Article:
The proof supported his plea and properly they were not allowed against him.

(g) Preparing Ballot Boxes.

Warrant No. Year Amount

1366 64 Ballot boxes for August (1927) $ 76.16 1711 Preparing 32 ballot boxes for Nov. (1927) 32.00 127 Preparing 32 ballot boxes for Nov. (1928) 32.00 698 Preparing election ballot boxes (1929) 40.00 891 Balance on ballot boxes for Aug. (1929) 24.00 890 32 Ballot boxes for Nov. election (1929) 32.00 1547 Refund on ex ballot boxes (1929) 25.26 1804 Preparing and delivering Gdr. etc. (1930) 107.04 ------- Total $368.46

On the face of these claims it appears that the above sums were allowed to the appellee for his services in connection with the preparation of ballot boxes for use in these elections, and, as such, they were not allowable. See Harlan County v. Blair et al., 243 Ky. 777, 49 S.W.2d 1028.

Appellee now testifies that the above sums were allowed him for expenses to which he was put in connection with these elections. If he in fact incurred legitimate expenses in connection with these elections, it would be proper for him to present his claims in proper form for such expenses at the proper time to the fiscal court and for it to exercise its discretion as to the allowance thereof, but neither the trial court nor this court can allow such a claim originally, whether it may be presented directly or be presented indirectly with the suggestion that such was the real indebtedness for which the above allowances were made under the guise of allowances for the preparation of ballot boxes. See Ray v. Woodruff, 168 Ky. 563, 182 S.W. 662.

The trial court erred in not including these claims in its judgment against appellee.

(h) Supervisors' Notices.

Warrant No. 80, No. 180, or No. 280 (it is given all three ways) was received by appellee. It is:

Issuing and filing supervisors' notices .............. $112.95 Also Warrant No. 1419, Supervisors' notices .......... 139.10 ------- Total .......................................... $252.05

The pleadings show this was for services rendered in 1930. He was then entitled by section 4121-2, Ky. Stats., to 10 cents for each notice issued and 5 cents for filing each return of the sheriff thereon, and, while it would have been far better for these warrants to have stated how many notices were prepared and how many returns were filed, still we are without authority to hold these claims invalid for that irregularity, hence we affirm the action of the trial court in holding these to be valid claims.

(i) Assisting Board of Supervisors.

Warrant No. 1271 for $31.55 was issued to appellee for "Assisting Board of Supervisors." There is no statutory provision for paying for such services. All of the services connected with the board of supervisors for which the clerk is entitled to pay are those set out in section 4121 and section 4121-2, Ky. Stats., and for that he gets paid as provided in the latter section and in section 4127.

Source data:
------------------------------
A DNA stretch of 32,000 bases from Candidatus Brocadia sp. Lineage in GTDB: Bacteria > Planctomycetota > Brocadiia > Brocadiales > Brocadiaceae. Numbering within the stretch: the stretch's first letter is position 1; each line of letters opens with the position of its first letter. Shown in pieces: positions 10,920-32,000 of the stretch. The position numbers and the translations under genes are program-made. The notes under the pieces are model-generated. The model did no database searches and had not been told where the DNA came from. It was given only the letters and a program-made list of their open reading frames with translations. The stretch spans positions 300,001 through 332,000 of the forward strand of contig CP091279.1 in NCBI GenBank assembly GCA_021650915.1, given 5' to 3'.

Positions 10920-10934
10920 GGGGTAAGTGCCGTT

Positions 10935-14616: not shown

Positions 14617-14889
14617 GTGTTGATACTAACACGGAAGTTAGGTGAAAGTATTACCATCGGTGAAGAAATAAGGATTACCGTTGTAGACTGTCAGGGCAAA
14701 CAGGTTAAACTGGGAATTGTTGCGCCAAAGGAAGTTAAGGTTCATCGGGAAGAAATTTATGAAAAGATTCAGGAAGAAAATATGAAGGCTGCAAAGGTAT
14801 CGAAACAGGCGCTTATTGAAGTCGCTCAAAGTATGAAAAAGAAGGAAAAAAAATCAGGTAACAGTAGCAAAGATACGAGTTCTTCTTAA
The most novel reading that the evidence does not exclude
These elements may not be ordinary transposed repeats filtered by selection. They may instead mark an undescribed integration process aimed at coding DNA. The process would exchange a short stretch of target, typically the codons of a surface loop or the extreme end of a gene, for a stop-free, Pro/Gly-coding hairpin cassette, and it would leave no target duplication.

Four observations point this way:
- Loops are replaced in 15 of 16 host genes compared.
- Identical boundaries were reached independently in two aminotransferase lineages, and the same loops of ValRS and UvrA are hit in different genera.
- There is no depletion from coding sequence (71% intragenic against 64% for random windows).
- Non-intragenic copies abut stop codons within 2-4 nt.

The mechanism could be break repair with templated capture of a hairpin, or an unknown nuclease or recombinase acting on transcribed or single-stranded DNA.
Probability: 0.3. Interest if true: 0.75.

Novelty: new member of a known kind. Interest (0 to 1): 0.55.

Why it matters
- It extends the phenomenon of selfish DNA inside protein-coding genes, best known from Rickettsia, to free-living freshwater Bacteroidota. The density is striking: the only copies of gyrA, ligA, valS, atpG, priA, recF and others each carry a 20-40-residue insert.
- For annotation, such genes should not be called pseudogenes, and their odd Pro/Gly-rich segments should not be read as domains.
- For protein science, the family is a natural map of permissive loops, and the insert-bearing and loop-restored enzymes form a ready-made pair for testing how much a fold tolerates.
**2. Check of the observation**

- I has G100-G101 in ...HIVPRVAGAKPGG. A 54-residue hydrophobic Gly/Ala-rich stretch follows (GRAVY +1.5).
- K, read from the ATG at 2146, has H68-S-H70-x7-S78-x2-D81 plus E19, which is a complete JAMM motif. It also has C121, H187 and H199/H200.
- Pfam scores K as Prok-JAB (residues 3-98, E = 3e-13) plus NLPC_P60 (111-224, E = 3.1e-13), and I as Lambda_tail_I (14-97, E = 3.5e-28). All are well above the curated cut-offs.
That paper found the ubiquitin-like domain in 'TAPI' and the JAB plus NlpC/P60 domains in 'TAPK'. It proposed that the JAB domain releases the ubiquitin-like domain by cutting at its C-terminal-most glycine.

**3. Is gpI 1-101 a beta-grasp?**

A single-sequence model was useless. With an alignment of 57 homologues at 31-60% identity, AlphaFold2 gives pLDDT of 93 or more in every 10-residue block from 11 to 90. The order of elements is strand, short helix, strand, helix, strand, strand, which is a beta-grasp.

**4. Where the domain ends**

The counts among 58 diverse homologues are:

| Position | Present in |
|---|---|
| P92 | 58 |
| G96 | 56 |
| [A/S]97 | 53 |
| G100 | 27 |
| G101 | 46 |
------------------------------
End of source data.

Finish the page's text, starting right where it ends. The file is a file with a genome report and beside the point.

The trial court should not have allowed this claim.

(j) Clerk of Juvenile Court.

We are grouping under this head the following claims:

Warrant No. 510 Juvenile cases (1928) $25.00 Warrant 1738 Juvenile cases 25.35 Warrant 2067 Juvenile cases (1930) 25.00

By section 1835, Ky. Stats., the clerk of the county court is ex officio clerk of the fiscal court and the fiscal court is required annually to make him a reasonable allowance for his services, and by section 331e-2, Ky. Stats., the fiscal court is required annually to make him a reasonable allowance for his services as clerk of the juvenile court. Therefore the trial court correctly found these were valid allowances.

(k) Recording Deeds.

Warrant 1070, recording deeds for the county, $25.59, was attacked. Appellee denies that he got this warrant. He was asked to produce this and other warrants which were in his official custody. He promised to do so but did not. The law frequently casts the burden of proof upon the party best able to sustain it. 22 C. J., p. 81, sec. 24. With these warrants in his official custody he should have produced them, and, having failed to do so, he must suffer the consequences. When the evidence is in the hands of a party and he is asked for it and declines to produce it and gives no reasonable excuse for so failing, the presumption is it would support the claim asserted against him. See 22 C. J., 966, sec. 1201 1/2. Ledford v. Hubbard, 219 Ky. 9, 292 S.W. 345.

By section 1840, Ky. Stats., the power of the fiscal court is rather restricted. If it has allowed a claim and it is valid, that is final, but if it is invalid, its action is absolutely void, and of no more binding effect on the county than if the claim had been approved by a majority vote of the primary class in some of the county schools. See Pulaski County v. Richardson, 225 Ky. 556, 9 S.W.2d 523. If the fiscal court should allow a county clerk "$40.00 for a cow," that would appear to be an invalid claim, and for the circuit court to permit the clerk to explain that the truth was that the fiscal court had directed him to have some shelving put in the vaults of his office and he had traded a cow to a man to do that work, would not authorize the circuit court to hold the claim valid for the circuit court would then be allowing a claim against the county for these vault repairs, a matter that is exclusively within the discretion of the fiscal court, and it may be that when this claim for repairing the vaults is specifically and directly presented to it, the fiscal court may know of some set-off to the claim, may be able to show it has been paid, or there is some other reason it should not be allowed in whole or in part.

Therefore when a claim has been allowed and the allowance of it is attacked, its validity must be determined as it is; it cannot be supported by evidence it was for something else. This item should have been allowed against him.

We are giving here for the benefit of the profession a list of opinions in county clerk cases which we have examined in the preparation of this opinion. Ray v. Woodruff, 168 Ky. 563, 182 S.W. 662; Logan County v. Russell, 203 Ky. 592, 262 S.W. 953; Elliott v. Com., 144 Ky. 335, 138 S.W. 300; Mills v. Lantrip, 170 Ky. 81, 185 S.W. 514; Wortham v. Grayson County Court, 76 Ky. (13 Bush) 53; Owen County v. Walker, 141 Ky. 516, 133 S.W. 236.

The judgment in favor of the county against the appellee for $50.89 is affirmed, and, in addition thereto, the court will award it a judgment against appellee for the further sum of $459.95, with interest from January 27, 1932, the date of the filing of this action.

Judgment reversed on the original and affirmed on the cross appeal.

Summaries of

Taylor, Use and Benefit Laurel County v. Jones

Court of Appeals of Kentucky
Mar 9, 1934
69 S.W.2d 372 (Ky. Ct. App. 1934)
Case details for

Taylor, Use and Benefit Laurel County v. Jones

Case Details

Full title:Taylor, for Use and Benefit of Laurel County, v. Jones

Court:Court of Appeals of Kentucky

Date published: Mar 9, 1934


69 S.W.2d 372 (Ky. Ct. App. 1934)
69 S.W.2d 372